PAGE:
Treasures to be found between the coasts

I’m as guilty as the next East/West Coaster when it comes to dismissing The Big Flyover — that middle section of our country where supposedly there is nothing worth seeing or doing. But on a recent visit to northeastern Ohio, I was once again (happily) proved to be oh-so-wrong.
We flew into Canton/Akron airport and stayed outside of Warren, a semi-rural area where the recession and unemployment has hit hard. The jobless rate in this corner of the state runs between 7 percent and a staggering 17 percent. You can see evidence of this in the many abandoned homes and shuttered businesses in and around the city of Youngstown, a former shell of itself. Once a thriving steel manufacturing base, the city has resigned to being smaller, and the citizens are trying to replace the dilapidated houses with small parks and open spaces. There also are still some beautiful tree-lined streets on the south side that continue to be showplaces — stately brick mansions with proudly maintained landscaping and blossoming trees.
Locals will tell you that “young people” from this area go away to college and don’t return, mostly because there’s nothing to hold them. However, drive a half-hour in any direction and you’ll discover some of the most picturesque farm country anywhere — scenery that resembles a movie set, or maybe a picture postcard from the 1950s.
I expected to see Norman Rockwell characters emerge from the doorways of the meticulously kept homes, with their manicured lawns and gardens, surrounded by lush-and-leafy hardwood trees that don’t exist west of the Rockies.
Early summer is especially beautiful in northeast Ohio. The spring flowers still thrive and a few trees still display white and pink blossoms. The temperatures remain in the comfortable range and the mosquitoes haven’t yet mustered full forces.
We were invited to drive north toward Lake Erie late one afternoon and visit one of the many wineries that appear to be thriving despite hard times. The drive up state route 534 through
villages with amusing
and intriguing names (Mesopotamia and nearby Delightful are my favorites) proved to be, well, positively delightful. Each little burg has a general store, a gazebo in a round-about, and perhaps a carriage-only parking zone. This is Amish country, and it wasn’t long before we encountered a half-dozen buggies on the two-lane road. These transportation throwbacks are driven mostly by middle-aged, bearded farmers or teen boys, some of them barefoot. Their neat-as-a-pin farms are scattered throughout this area.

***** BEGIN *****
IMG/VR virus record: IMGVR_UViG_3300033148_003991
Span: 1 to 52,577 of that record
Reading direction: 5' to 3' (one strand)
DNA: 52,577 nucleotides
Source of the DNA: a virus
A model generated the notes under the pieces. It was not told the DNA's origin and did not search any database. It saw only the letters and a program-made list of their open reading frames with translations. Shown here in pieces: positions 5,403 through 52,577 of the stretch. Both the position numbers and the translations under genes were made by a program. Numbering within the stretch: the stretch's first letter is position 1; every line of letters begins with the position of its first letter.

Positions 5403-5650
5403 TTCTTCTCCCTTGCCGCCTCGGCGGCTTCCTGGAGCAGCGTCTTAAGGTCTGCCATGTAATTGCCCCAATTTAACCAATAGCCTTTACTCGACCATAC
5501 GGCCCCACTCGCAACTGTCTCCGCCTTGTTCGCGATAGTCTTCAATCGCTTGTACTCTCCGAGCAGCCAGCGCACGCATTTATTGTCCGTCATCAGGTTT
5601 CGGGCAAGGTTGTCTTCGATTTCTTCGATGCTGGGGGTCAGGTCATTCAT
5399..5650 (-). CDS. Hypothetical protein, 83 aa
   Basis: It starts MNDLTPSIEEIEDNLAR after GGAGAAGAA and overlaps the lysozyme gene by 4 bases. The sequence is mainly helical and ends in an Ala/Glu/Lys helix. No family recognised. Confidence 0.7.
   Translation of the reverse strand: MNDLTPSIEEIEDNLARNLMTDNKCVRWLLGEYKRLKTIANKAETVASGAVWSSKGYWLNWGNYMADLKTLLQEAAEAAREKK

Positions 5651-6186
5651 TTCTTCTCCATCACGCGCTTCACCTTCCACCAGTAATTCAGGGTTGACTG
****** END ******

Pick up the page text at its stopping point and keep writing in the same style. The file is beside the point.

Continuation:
There are many sects of Amish — mostly in the Midwest — but they are universally known for living without modern conveniences of any kind. They also have a reputation for serving bountiful home-cooked meals in their homes to busloads of tourists. (An interesting note: The Amish eat this same hardy fare of meat, potatoes, gravy, farm vegetables and breads, but because their way of life demands such physical rigor, they have the lowest incidence of heart disease in the country.)
Our destination was the Ferrante Winery in Harpersfield Township, just south of Geneva. Apparently there is something about the microclimate on the southern shore of Lake Erie that is perfectly suited to growing grapes, which the Ferrante family began doing more than 70 years ago. The restaurant, however, opened just 20 years ago. The large, contemporary wood-and-brick building has spacious dining areas and a large patio overlooking a pond and 65 acres of vines. Both the dining room and patio were booming with visitors, enjoying the guitarist, singer and small band.
Dinner was superb; my baked sea bass was some of the best I’ve ever had, and the others in our party gave a thumbs up to the veal parmesan and a spicy chicken and linguine dish. The pinot grigio was pleasant but not outstanding, according to my husband, but my niece was highly enthusiastic about the Ferrante sweet whites. A visit to the gift shop after dinner proved this. She came away with three bottles for the home larder.

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